Having Two Dads is double the fun! Many families are different, this family has Two Dads. A beautifully illustrated, affirming story of life with Two Dads, written from the perspective of their adopted child.
When people look at George, they think they see a boy. But she knows she’s not a boy. She knows she’s a girl.
George thinks she’ll have to keep this a secret forever. Then her teacher announces that their class play is going to be Charlotte’s Web. George really, really, REALLY wants to play Charlotte. But the teacher says she can’t even try out for the part . . . because she’s a boy.
With the help of her best friend, Kelly, George comes up with a plan. Not just so she can be Charlotte — but so everyone can know who she is, once and for all.
Red: A Crayon’s Story
A blue crayon mistakenly labeled as “red” suffers an identity crisis in this picture book by the New York Times–bestselling creator of My Heart Is Like a Zoo and It’s an Orange Aardvark! Funny, insightful, and colorful, Red: A Crayon’s Story, by Michael Hall, is about being true to your inner self and following your own path despite obstacles that may come your way. Red will appeal to fans of Lois Ehlert, Eric Carle, and The Day the Crayons Quit, and makes a great gift for readers of any age!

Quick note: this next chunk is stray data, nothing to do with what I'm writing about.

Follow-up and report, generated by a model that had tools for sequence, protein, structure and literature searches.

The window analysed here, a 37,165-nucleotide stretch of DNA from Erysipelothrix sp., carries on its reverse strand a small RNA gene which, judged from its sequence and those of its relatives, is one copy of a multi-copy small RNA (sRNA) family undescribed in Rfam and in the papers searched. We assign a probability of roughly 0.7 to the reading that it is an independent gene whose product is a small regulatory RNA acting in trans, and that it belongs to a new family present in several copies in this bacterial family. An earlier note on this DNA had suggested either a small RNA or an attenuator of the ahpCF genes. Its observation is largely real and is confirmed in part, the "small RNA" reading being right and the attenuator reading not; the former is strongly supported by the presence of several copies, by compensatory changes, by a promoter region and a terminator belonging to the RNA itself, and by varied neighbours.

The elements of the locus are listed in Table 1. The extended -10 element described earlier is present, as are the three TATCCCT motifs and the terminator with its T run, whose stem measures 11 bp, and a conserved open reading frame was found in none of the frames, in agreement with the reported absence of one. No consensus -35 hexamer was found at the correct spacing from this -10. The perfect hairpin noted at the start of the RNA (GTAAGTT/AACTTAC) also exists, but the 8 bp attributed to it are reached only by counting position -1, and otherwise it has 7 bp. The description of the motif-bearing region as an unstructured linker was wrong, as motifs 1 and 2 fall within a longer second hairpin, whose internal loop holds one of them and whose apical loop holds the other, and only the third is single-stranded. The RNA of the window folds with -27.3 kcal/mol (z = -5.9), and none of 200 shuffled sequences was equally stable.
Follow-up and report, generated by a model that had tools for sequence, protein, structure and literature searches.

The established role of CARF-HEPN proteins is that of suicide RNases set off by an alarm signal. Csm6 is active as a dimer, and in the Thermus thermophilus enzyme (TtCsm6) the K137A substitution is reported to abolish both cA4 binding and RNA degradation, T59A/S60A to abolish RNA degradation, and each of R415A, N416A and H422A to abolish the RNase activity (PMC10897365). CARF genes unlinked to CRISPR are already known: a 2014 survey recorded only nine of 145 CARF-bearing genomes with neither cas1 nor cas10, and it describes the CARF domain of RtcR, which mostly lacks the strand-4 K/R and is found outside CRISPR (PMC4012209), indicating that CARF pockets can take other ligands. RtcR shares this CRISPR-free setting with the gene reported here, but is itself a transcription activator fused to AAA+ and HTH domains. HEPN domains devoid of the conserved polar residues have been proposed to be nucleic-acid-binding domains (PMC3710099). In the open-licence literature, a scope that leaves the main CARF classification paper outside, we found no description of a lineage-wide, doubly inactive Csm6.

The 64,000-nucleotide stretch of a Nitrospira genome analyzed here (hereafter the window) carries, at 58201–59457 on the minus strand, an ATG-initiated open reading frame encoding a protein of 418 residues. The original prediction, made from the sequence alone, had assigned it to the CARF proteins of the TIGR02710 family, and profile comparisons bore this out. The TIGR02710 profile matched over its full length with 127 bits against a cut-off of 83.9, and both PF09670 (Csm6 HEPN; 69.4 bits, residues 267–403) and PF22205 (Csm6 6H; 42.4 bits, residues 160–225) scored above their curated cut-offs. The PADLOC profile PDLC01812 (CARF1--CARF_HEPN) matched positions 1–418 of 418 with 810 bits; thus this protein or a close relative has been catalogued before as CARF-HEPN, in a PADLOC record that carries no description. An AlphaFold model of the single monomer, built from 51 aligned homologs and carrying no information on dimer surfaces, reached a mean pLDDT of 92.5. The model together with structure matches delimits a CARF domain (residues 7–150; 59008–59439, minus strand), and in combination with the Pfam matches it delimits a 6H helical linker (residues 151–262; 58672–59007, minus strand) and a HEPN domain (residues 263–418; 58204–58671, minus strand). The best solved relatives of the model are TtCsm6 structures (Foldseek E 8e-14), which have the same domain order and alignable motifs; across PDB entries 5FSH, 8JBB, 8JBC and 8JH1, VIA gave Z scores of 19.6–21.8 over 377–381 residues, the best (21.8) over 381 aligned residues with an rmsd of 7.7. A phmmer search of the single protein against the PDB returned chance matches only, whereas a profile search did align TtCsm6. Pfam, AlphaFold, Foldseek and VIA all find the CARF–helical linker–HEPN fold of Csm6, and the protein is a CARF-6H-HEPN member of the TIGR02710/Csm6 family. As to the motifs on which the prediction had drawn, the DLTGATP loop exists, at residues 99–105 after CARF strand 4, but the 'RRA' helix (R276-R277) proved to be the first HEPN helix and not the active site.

Red has a bright red label, but he is, in fact, blue. His teacher tries to help him be red (let’s draw strawberries!), his mother tries to help him be red by sending him out on a playdate with a yellow classmate (go draw a nice orange!), and the scissors try to help him be red by snipping his label so that he has room to breathe. But Red is miserable. He just can’t be red, no matter how hard he tries! Finally, a brand-new friend offers a brand-new perspective, and Red discovers what readers have known all along. He’s blue! This funny, heartwarming, colorful picture book about finding the courage to be true to your inner self can be read on multiple levels, and it offers something for everyone.